Young Man Single-Handedly Saves A Butterflies Species With A DIY Greenhouse

San Francisco is a beautiful city, full of sights, history, and culture. But like any city, it’sbeen built pretty much exclusively for its human population despite the fact that there are many, many other creatures that call cities home.

One animal that called San Francisco its home was the California pipevine swallowtail, a beautiful butterfly with iridescent sapphire wings. Butterfly enthusiasts consider it one of the most stunning butterflies in North America.

But as the city grew and grew, the butterflies’ habitat shrank, causing the populations to dwindle. Today, there are drastically fewer pipevine swallowtails than there were in years past.

And that just wasn’t acceptable to Tim Wong.

Wong is an aquatic biologist working at the California Academy of Sciences, but his love for animals extends out of the water, too.

As a child, he was always fascinated with butterflies, and started raising them at home. And even if you’re not a butterfly fan, watching them transform from caterpillar to winged insect is pretty magical.

In 2012, Wongdecided to try and boost the population of the pipevine swallowtail. After learning of their dwindling numbers, he made it his personal mission to bring them back to his city.

Check out how he did it below, and the next time you see a butterfly, take a moment to enjoy its beauty!

[H/T: TreeHugger, Vox]

Tim Wong lives in San Fransisco, and while he works as an aquatic biologist, he loves all kinds of animals, especially butterflies and moths as you can see.

As such a fan, he was dismayed to learn that this butterfly, the California pipevine swallowtail, was becoming rarer and rarer as its habitat became increasingly threatened by urban development.

The pipevine swallowtail is considered one of the most beautiful butterflies, and it’s easy to see why!

So in 2012,decided to chip in and help bring the butterflies back to San Francisco.

Wong started raising butterflies as a kid, after his class at school raised some one spring, so he already knew what to do.

The butterflies were housed here, in Wong’s beautiful, enclosed greenhouse. That way, they could have plenty of nectar while still remaining safe from predators.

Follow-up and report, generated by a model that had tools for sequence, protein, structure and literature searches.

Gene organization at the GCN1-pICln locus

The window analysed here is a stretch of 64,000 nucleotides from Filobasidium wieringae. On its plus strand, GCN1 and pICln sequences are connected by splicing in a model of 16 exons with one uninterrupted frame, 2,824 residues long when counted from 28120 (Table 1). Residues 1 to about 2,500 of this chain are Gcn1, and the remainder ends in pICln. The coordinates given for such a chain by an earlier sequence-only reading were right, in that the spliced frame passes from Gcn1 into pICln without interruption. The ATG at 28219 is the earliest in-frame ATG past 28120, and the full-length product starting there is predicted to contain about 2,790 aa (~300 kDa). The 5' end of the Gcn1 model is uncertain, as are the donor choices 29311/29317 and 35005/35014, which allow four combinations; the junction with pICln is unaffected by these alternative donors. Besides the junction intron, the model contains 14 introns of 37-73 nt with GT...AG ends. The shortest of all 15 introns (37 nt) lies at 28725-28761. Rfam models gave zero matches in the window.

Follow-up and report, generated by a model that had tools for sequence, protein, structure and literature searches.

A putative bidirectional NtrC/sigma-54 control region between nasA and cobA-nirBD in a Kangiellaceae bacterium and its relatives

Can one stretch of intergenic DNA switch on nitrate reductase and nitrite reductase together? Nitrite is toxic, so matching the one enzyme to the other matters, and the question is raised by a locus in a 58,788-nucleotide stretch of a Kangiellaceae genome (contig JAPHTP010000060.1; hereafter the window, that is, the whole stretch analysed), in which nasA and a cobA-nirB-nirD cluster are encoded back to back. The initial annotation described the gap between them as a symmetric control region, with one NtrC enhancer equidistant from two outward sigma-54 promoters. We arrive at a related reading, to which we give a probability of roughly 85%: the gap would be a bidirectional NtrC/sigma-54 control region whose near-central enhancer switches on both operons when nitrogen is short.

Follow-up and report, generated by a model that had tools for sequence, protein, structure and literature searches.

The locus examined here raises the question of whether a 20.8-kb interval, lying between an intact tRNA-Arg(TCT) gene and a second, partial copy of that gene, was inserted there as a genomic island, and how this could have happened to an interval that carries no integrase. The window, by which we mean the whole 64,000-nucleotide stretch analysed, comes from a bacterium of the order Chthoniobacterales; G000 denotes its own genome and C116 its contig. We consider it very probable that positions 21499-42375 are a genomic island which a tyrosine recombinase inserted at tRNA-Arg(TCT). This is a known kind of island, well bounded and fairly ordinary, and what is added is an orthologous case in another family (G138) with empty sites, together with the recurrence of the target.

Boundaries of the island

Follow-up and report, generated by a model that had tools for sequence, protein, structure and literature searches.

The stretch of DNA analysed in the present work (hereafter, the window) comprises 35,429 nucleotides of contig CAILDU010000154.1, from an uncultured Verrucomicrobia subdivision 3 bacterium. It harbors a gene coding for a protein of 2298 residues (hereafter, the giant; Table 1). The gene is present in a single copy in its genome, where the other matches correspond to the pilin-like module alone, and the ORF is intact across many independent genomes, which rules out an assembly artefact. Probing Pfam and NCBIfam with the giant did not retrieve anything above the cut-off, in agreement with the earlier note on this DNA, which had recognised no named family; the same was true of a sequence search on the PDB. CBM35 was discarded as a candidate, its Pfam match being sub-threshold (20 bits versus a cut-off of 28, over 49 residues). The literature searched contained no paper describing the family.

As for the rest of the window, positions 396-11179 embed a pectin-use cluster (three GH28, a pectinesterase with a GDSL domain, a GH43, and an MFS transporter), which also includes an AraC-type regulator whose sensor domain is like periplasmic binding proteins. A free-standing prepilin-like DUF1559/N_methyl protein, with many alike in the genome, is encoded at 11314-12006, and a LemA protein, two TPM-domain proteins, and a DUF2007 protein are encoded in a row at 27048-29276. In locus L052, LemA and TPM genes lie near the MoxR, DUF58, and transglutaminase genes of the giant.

And he documented the whole process. That process, by the way, is not a quick one, and the butterflies and caterpillars require care and attention.

This photo shows the flowers they like to eat and are named for (California pipevines), the red eggs, the black and orange-spotted caterpillars, and an adult butterfly.

Oh, and he’s definitely not afraid to get up close and personal.

At the start of his project, Wong collected 20 caterpillars and brought them home to the greenhouse, where they liked to explore and feed together.

After about four weeks of nonstop leaf-munching, the caterpillars pupate. Interestingly, they can stay in the chrysalis for as little as two weeks or as long as two years.

And when they come out, they look absolutely stunning.

Here, Wong shows off several generations of swallowtails, from eggs to a mature adult. It’s a pretty amazing transformation.

But not only is Wong’s project fascinating to watch, it’s also making an actual difference in the local ecosystem.

Since starting this project, he estimates that he has bred thousands of swallowtails, many of which were transported to the Botanical Garden.

His is the first butterfly repopulation project to succeed in San Francisco since the 1980s, and he did it all himself, right in his backyard!

It’s also shown that to keep a species healthy, their habitat must be conserved. Wong found this by carefully maintaining the greenhouse, keeping it full of the California pipevine plant that these butterflies love so much.

And his project has been very popular with locals as well as people from all over the country. Here’s some beautiful artwork from a fan.

For a while, Wong even put out his own T-shirt with an original design of the butterflies’ life cycle. Unfortunately, they’re no longer available.

When he’s not tending to his swallowtails, Wong can be found caring for the animals in the California Academy of Science’s museum, like these Javanese cownose stingrays.

His other pals at the museum include an albino alligator and an octopus.

But at home, Wong is still tending to his butterflies. In the four years that he’s been raising them, he says he sees more and more each year.

“That’s a good sign that our efforts are working!” he says.

And it goes to show that even in a big world, one person really can make a difference with enough dedication.

Of course, raising an entire species in your backyard isn’t for everyone, and requires a lot of time and knowledge.

If you’d like to chip in in a different way, plant local flora in your yard to encourage native butterflies.

You can also donate to local environmental organizations to ensure you local habitats stay safe.

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